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William Frederick Hoppe (October 11, 1887 – February 1, 1959), known predominantly as Willie Hoppe (surname rhymes with "poppy"), was an internationally renowned American professional carom billiards champion, who was posthumously inducted into the Billiard Congress of America Hall of Fame in 1966.
Hoppe was born in Cornwall on Hudson, New York on October 11, 1887. He won 51 world titles between 1906 and 1952, in three forms of carom billiards: three-cushion, (four sub-disciplines of) balkline and cushion caroms. He died on February 1, 1959 in Miami, Florida.
Hoppe won 51 world titles between 1906 and 1952. He was also known for various long-standing high runs, including scoring 2,000 contiguous points in straight rail, 622 points in 18.2 balkline, and a run of 25 points in three-cushion. He once made a tournament average of 1.333, a world record (at that time, but since broken).
Hoppe published his first book, Thirty Years of Billiards, in 1925, and followed this up many years later with the introductory work, Billiards As It Should Be Played, in 1941. Hoppe's peculiar style of stroke was a result of his career as a child prodigy. He barely reached the table and had to stand on a box. In Billiards As It Should Be Played Hoppe emphatically advised players not to use his way of directing the cue.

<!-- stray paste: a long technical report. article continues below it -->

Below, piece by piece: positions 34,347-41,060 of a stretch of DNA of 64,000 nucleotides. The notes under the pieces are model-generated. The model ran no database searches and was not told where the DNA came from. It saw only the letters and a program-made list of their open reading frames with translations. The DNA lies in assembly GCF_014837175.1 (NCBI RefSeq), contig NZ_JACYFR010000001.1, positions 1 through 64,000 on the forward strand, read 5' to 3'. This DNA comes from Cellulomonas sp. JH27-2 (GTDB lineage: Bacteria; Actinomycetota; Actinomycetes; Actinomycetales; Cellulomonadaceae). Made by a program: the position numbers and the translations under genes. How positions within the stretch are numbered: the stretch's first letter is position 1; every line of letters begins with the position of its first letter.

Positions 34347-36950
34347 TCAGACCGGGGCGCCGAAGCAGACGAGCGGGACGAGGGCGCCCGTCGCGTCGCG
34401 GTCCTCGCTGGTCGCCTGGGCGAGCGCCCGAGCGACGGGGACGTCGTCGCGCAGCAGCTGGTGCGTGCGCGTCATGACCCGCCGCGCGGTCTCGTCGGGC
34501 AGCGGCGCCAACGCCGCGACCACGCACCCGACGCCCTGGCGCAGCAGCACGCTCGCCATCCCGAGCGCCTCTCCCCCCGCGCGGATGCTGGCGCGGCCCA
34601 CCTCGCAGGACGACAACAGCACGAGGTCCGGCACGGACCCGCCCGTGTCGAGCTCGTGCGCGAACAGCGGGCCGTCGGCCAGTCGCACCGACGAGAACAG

After winning the world title in 1952, Hoppe retired from title play and became a goodwill ambassador for the sport by conducting a series of exhibition matches. Hoppe was the only pocket billiards player to ever put on an exhibition in the White House. He performed before President Wiliam Taft in 1911.
He was ranked number 1 on the Billiards Digest 50 Greatest Players of the Century.
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